Author: Funke Awodiya
Number of pages: 75 pages
Published by: Something for Everybody Ventures (SFEV)
Year published: 2020
Funke Awodiya’s anthology of poems, Woman of Woman, is a diary of tributes to great women and unsung heroines like Dora Akumyili (Tribute to a First Daughter); Bukky Ajayi (Maami); Dr. Stella Adadevoh (Here We Are); Maryam Babangida (To the Memories of a Trailblazer) and for all Nigerian women (Queens of the Niger Area).
I went at this collection, one poem at a time because I needed time to pause and absorb the powerful messages carefully wrapped in lines and verses by this fine-fingered poet.
The opening poem “Stand Up!” drew me in just as the coolness of a river seduces tired farmers after a long day under the fury of the sun. The message is all-so strong, and sweet like fresh palm wine, my mouth continued to beg for another sip until the last drop fell from the keg. Funke Awodiya uses simple language to talk about the (r)evolution of the womenfolk, urging more women to enlist
“…hearts that raised us,
to be the pinky blueish girls we were,
brown sugar women we are …
for women we are
girls we used to be
bitches they made of us
“witches” we will become
let no rapist rape our tomorrow,
cage our today
or stone our age.”
This right here is one of the most simplified gospel of women empowerment, girl-power and if I may add, feminism; the most misunderstood word and movement in our society, which she did not close without writing about in her poem Land of ignorance:
ignorance stole their vision
making them think penises are chalks
and breasts are dusters,
She leaves out no isotope of womanhood in this collection. Every slice of reality, women live with is captured so aptly. In Woman of Woman, there is something for:
in Widow’s Might
“You’re a widow not a window of pity,
Throw not a party,
If empathy finds you
Open your arms and embrace it”
in Fateful Wives
and message of submission to death
still flies from the pulpit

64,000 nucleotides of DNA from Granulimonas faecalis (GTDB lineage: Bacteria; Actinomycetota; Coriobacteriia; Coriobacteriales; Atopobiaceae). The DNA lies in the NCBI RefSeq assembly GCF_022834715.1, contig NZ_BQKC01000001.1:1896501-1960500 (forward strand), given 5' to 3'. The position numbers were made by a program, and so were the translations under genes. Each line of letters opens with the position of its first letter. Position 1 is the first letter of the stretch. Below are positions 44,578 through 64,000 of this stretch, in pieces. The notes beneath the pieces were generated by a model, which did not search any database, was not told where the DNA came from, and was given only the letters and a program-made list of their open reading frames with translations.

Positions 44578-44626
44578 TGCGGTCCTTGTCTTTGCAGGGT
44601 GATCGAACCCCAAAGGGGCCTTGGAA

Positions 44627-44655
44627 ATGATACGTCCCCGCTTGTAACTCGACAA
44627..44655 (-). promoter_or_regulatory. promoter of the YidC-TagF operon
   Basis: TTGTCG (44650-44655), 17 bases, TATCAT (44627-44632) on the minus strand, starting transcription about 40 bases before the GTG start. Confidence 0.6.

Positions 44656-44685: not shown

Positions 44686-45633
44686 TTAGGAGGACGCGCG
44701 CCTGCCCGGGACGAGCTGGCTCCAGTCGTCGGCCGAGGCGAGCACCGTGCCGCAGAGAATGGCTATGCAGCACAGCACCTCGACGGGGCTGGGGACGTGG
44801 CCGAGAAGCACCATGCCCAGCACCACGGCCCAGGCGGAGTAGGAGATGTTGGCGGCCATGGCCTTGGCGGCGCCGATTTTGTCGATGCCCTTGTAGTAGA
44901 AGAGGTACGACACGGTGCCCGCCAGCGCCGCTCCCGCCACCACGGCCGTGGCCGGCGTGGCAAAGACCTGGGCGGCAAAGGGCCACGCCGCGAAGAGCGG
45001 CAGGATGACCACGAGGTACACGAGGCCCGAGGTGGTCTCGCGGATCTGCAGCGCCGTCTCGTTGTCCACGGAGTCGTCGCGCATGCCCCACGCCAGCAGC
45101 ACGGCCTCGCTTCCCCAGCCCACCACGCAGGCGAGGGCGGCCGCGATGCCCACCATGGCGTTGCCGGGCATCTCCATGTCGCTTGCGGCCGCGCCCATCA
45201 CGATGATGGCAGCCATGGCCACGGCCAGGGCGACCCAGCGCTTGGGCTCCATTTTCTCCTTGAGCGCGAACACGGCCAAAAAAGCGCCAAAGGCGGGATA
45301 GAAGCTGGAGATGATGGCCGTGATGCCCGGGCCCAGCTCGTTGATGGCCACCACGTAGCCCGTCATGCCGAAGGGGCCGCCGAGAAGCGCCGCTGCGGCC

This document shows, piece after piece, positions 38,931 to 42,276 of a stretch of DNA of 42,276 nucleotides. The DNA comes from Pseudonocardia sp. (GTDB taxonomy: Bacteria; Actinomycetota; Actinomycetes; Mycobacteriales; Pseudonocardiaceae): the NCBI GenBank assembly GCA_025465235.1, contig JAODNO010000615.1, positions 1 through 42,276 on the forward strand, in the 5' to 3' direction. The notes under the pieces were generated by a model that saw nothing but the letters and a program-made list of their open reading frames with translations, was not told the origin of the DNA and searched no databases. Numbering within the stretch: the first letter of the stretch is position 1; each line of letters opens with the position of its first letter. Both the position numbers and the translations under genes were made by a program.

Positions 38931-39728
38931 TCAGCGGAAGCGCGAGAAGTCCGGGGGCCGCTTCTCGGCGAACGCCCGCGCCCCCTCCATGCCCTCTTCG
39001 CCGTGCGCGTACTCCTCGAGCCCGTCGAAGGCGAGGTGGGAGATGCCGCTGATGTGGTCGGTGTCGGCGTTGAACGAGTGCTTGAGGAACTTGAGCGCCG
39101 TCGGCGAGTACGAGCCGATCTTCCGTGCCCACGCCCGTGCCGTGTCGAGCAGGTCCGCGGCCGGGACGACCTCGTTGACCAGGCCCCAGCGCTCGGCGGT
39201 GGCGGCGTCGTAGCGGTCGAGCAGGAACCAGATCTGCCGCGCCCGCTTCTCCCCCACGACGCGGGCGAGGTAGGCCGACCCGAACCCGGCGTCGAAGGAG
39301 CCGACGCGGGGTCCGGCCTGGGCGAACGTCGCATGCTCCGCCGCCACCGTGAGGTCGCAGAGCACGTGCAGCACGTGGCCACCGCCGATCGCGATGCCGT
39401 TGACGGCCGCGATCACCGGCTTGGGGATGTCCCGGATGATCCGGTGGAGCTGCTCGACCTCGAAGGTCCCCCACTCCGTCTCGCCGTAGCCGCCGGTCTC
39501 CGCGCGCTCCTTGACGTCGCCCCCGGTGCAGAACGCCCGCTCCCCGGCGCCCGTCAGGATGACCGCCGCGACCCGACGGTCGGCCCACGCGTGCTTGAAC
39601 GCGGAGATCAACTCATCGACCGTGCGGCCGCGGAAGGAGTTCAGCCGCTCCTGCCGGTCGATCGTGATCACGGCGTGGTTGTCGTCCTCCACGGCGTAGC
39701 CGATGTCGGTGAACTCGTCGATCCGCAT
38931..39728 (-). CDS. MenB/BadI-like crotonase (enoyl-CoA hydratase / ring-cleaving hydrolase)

to the head that kills its body in words and blows
telling her to be fate-full till death hurls her
and her faith to the grave,
where fate-full wives rest in pitiful peace
Elegy to the Little Bride
Under the shade of dongoyaro tree she sits
Harvested unripe fruit
the orchestra of a childhood cuts short
sings dirges of stolen dreams,
who will hear this sober tale of a little bride?
in no time a girl becomes a mother of another girl,
In poems such as Sitting-Tall Queen and pink ladies
–Who can beat mothers’ love?
“If not a mother, who wears her children
like beads adorning her neck“
–End of Time
“Mother’s shawl is long enough
to strap every child’s dream to her bosoms“
–Every day is Mother’s day
It is magical to be reminded of who you are. Sometimes, that reminder calls one’s attention to the vast deposit of talents and abilities which have been lying fallow. Funke knows this and applies it very commendably in the following poems:
–Woman in portrait,
Woman of a woman
Woman in portrait,
your gait is a reminder of standing trees
in a forest of fallen trees
–This is me
We are descendants of warriors,
Women who fought yesterday and bought today,
for their unborn daughters
Queen Idia of Benin, Moremi Ajasoro,
Queen Amina of Zaria, Olunfnmilayo Kuti,
This is me,
Unapologetic! Nigerian woman.
A woman might stand alone
But she has an army in her
Funke Awodiya employs various poetic implements, imageries, metaphors to send home striking messages of hope. For instance, in Wonder Woman, she writes:
… of tears sweetened with cubes of joy
sadness bleached becoming snow white smiles
In yet another, The sun will shine again, she wrote: hope is the silage and hay for the days of drought.
The word-economy, simplicity of style, and relatable diction are very major ingredients in this collection especially because all those three are becoming extinct in contemporary poetry.
Woman of Woman is a book for everyone; girls journeying to womanhood, men who dream to be fathers to these girls, and all women, who the author reminds to be supportive to one another in poems like Prayer for a sister, Dear Sister Omolola, and
Don’t leave me behind
Because I slowly walk
Allow me move at my pace
Jealousy is a stranger where love reigns
Funke Awodiya’s Woman of Woman is a strong poetic statement that I like to compress into one sentence: a woman is not a finless fish, which must live only at the mercy of societal waves and tides.
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